It's useful to have at least 3 classes of task in your task system :
1. "Normal" tasks that want to run on one of the worker threads. These take some amount of time, you don't want them to block other threads, they might have dependencies and create other jobs.
2. "IO" tasks. This is CPU work, but the main thing it does is wait on an IO and perhaps spawn another one. For example something like copying a file through a double-buffer is basically just wait on an IO op then do a tiny bit of math, then start another IO op. This should be run on the IO thread, because it avoids all thread switching and thread communication as it mediates the IO jobs.
(of course the same applies to other subsytems if you have them)
3. "Tiny" / "Run anywhere" tasks. These are tasks that take very little CPU time and should not be enqueued onto worker threads, because the time to wake up a thread for them dwarfs the time to just run them.
The only reason you would run these as async tasks at all is because they depend on something. Generally this is something trivial like "set a bool after this other job is done".
These tasks should be run immediately when they become ready-to-run on whatever thread made them rtr. So they might run on the IO thread, or a worker thread, or the main thread (any client thread). eg. if a tiny task is enqueued on the main thread and its dependencies are already done, it should just be run immediately.
It's possible that class #2 could be merged into class #3. That is, eliminate the IO-tasks (or GPU-tasks or whatever) and just call them all "tiny tasks". You might lose a tiny bit of efficiency from that, but the simplicity of having only two classes of tasks is probably preferable. If the IO tasks are made into just generic tiny tasks, then it's important that the IO thread be able to execute tiny tasks from the generic job system itself, otherwise it might go to sleep thinking there is no IO to be done, when a pending tiny IO task could create new IO work for it.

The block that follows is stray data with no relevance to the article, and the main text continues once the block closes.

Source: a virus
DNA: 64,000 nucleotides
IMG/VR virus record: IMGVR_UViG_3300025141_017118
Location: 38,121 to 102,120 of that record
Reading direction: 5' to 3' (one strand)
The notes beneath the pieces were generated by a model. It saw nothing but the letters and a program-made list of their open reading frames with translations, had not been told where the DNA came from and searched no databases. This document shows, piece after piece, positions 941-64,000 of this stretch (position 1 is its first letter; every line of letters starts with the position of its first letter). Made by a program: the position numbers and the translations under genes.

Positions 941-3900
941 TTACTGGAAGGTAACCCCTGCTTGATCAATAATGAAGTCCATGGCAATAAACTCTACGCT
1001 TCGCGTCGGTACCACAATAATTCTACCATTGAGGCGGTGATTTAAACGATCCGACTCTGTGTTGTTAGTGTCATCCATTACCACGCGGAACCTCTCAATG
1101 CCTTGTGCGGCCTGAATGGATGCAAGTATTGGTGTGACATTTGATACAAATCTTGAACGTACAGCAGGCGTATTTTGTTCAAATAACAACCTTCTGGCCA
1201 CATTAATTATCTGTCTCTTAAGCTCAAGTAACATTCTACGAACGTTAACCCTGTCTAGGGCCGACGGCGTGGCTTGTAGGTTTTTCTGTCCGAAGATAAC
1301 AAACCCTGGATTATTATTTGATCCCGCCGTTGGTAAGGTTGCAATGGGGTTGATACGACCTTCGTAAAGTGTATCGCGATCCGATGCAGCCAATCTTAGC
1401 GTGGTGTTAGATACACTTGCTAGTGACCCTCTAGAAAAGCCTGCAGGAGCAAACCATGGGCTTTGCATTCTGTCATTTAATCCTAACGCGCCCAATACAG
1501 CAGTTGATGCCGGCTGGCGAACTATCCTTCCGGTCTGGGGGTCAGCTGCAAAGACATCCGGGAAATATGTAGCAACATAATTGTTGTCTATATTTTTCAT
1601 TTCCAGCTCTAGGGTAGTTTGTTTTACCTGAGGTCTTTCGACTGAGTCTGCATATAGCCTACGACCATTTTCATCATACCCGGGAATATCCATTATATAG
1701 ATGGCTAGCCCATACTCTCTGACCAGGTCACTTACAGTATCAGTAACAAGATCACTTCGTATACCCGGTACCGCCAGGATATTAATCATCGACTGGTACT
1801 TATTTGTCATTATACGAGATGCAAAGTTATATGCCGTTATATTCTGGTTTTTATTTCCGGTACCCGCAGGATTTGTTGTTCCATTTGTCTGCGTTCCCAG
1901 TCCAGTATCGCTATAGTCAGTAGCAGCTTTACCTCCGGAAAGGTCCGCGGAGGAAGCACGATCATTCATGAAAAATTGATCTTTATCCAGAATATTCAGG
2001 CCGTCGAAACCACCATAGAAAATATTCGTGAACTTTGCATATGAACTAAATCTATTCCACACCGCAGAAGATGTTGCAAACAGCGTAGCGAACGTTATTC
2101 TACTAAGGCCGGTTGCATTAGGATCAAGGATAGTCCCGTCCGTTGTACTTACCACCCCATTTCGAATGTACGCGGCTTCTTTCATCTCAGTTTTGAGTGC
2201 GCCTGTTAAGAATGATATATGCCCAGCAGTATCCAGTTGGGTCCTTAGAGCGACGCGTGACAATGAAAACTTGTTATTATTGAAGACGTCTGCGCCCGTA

Beyond that, for "normal" tasks there's the question of typical duration, which tells you whether it's worth it to fire up more threads.
eg. say you shoot 10 tasks at your thread-pool worker system. Should you wake up 1 thread and let it do all 10 ? Or wake up 10 threads and give each one a task? Or maybe wake 2?
One issue that still is bugging me is when you have a worker thread, and in doing some work it makes some more tasks ready-to-run. Should it fire up new worker threads to take those tasks, or should it just finish its task and then do them itself? You need two pieces of information : 1. are the new tasks significant enough to warrant a new thread? and 2. how close to the end of my current task am I? (eg. if I'm in the middle of some big work I might want to fire up a new thread even though the new RTR tasks are tiny).
When you have "tiny" and "normal" tasks at the same priority level, it's probably worth running all the tinies before any normals.